Ham and Egg Fried Rice

火腿蛋炒飯

This is one of the most common and satisfying of northern-style fried rice dishes, a simple combination of cooked rice, cubed ham, sweet green peas, and fluffy bits of stir-fried egg. It is excellent as a one-bowl meal or as a colorful companion to a simple dish of fish or meat.

  • Look for a very tender, tasty ham, one which is ready-to-eat and a bit on the sweet side. I look for it in a specialty market, where one can choose from among a wide variety and sample a snippet of each.
  • Except for the 3–4-minute stir-frying, all may be done a day in advance.

Ingredients

  • 3½ cups cold cooked rice
  • 2–3 ounces honey- or sugar-cured ham (to yield ½ cup cubed ham)
  • ½ cup fresh or frozen peas or baby lima beans
  • 2 large eggs, lightly beaten
  • 3½–4 tablespoons corn or peanut oil
  • 1–1¼ teaspoons coarse kosher salt
  • 3 tablespoons green and white scallion rings

Method

Preparations

Cook the rice according to the directions. Fluff, let stand until cool, then seal airtight and refrigerate overnight. Or, if you wish to use the rice within the hour, spread it on a baking sheet and refrigerate, uncovered, until cool. Just before using, toss gently with your fingers to separate the grains.

Trim the ham of any skin or fat, then cut it into neat cubes about ¼ inch square.

Blanch fresh peas or lima beans in plain boiling water until tender, drain, and rush under cold water to stop the cooking. Frozen peas or lima beans should be thoroughly defrosted.

Preparations may be done a full day in advance. Seal the ingredients separately and refrigerate. Bring to room temperature before cooking.

Stir-frying the dish

About 15–20 minutes before serving, put a large serving bowl or individual rice bowls in a low oven to warm. Have all the ingredients plus a medium-size bowl to hold the eggs within easy reach of your stovetop.

Heat a wok or a small, heavy skillet or omelet pan over high heat until hot enough to evaporate a bead of water on contact. Add 1½ tablespoons oil, swirl to coat the pan, then reduce the heat to moderate. When the oil is hot enough to puff one drop of the beaten egg on contact, add the eggs. If the oil is properly hot, they will swell and puff immediately. Give the mixture 3–4 seconds to set on the bottom, then gently push the cooked egg to the far side of the pan with a spatula, allowing the uncooked portion to flow underneath and puff on contact with the hot pan. (If you are using a flat skillet, hold the eggs in place once you have pushed them to the side, then tilt the skillet toward you to aid the flow of the liquid portion.) Continue pushing the cooked portion aside as soon as the bottom sets. When there is no more freely running egg, scrape the eggs promptly into the bowl and break into small bits. If you have cooked them correctly, they will be soft, a bit runny, and golden as opposed to brown.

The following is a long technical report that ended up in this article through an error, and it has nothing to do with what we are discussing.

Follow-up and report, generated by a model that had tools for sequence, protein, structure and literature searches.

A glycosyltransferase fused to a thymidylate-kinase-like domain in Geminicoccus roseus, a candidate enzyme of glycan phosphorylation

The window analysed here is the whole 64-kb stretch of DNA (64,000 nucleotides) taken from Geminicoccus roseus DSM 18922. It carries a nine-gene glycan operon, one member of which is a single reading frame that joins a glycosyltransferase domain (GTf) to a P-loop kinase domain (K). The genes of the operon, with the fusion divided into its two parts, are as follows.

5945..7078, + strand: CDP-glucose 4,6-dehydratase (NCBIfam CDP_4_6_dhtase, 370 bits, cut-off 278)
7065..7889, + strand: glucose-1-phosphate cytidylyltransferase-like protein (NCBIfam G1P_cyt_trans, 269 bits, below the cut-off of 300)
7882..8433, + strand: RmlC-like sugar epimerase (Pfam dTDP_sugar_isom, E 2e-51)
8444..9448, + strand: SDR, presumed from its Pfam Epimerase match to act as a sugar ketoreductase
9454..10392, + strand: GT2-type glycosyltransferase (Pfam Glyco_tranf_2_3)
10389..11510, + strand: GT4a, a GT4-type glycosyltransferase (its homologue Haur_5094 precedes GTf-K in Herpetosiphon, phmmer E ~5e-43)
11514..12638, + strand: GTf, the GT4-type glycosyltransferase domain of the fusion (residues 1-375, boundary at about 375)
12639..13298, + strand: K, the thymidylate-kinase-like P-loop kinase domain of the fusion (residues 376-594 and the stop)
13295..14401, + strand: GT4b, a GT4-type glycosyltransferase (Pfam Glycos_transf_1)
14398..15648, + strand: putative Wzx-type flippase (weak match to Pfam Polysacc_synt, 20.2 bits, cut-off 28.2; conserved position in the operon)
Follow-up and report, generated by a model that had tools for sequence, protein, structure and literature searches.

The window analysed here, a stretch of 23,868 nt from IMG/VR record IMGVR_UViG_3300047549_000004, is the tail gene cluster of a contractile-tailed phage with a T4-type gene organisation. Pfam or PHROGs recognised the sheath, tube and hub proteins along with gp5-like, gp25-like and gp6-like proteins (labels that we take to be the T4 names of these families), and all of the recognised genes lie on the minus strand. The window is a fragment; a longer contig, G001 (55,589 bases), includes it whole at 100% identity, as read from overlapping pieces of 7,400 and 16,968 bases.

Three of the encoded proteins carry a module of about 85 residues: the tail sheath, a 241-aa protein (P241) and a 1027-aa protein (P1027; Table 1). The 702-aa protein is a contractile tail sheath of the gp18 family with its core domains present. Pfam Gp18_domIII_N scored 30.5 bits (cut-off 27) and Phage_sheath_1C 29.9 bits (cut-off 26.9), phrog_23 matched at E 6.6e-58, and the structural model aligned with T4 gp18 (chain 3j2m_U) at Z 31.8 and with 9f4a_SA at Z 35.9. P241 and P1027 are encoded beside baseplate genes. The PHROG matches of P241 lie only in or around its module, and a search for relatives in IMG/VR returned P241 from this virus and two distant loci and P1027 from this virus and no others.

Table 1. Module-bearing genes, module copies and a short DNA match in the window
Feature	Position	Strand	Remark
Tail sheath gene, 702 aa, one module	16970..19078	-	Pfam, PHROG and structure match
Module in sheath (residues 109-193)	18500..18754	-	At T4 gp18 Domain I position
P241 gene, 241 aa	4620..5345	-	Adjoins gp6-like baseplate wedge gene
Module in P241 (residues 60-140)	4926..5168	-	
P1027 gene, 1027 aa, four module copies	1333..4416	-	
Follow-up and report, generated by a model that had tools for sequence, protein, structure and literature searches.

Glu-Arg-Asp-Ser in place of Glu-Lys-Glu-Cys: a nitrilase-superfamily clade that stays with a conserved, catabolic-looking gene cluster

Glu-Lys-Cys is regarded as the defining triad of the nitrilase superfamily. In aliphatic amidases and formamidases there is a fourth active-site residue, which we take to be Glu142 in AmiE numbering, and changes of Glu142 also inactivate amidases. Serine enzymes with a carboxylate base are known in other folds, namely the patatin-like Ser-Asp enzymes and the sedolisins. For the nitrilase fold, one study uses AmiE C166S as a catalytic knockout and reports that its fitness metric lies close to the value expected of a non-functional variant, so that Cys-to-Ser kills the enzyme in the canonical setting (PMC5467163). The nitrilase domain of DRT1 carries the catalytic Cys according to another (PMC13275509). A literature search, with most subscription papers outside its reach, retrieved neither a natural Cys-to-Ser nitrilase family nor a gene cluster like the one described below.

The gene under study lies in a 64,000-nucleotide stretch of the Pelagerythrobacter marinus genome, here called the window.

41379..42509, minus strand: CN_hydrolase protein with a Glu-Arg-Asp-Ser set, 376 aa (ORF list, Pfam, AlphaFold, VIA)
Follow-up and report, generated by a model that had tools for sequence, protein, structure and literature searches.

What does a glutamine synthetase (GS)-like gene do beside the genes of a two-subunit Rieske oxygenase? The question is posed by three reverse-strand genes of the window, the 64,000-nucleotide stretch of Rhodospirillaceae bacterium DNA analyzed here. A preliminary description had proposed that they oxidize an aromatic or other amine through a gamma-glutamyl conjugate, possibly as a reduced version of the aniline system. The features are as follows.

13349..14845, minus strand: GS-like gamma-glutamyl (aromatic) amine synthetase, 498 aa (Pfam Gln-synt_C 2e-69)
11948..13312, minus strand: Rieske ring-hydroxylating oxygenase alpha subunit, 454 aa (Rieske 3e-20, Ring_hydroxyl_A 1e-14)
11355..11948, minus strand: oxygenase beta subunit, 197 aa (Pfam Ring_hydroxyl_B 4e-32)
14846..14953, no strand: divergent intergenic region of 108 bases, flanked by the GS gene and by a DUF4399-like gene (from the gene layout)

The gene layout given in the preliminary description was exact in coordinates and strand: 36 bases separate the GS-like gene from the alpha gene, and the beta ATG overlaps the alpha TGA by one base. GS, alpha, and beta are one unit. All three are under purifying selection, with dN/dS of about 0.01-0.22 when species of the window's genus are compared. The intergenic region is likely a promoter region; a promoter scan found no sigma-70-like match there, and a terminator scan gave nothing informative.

Wipe the wok clean of any egg bits, then return it or a large heavy skillet to high heat, and heat until hot enough to evaporate a bead of water on contact. Add 2 tablespoons oil and swirl to coat the pan. When the oil is hot enough to sizzle a grain of rice on contact, add the rice and toss briskly to coat and separate each grain and heat the mixture through, about 2–3 minutes. Lower the heat immediately if the rice starts to scorch. If the rice is sticking, push it to one side and dribble in another 1–1½ teaspoons oil from the side of the pan. When hot, sprinkle the salt into the pan. Toss to combine, then add the ham and peas or lima beans. Toss to mix and heat the mixture through, about 30 seconds, then return the eggs to the pan and stir gently several times to combine. Add the scallions, and toss another 5–10 seconds until the eggs are hot.

Serve immediately for peak flavor. If the menu demands do-ahead cooking, fried rice can be kept warm for up to an hour, tightly covered, in either a steamer set over low heat or in a low oven.

Leftovers keep 3–4 days and may be reheated as above using high heat.

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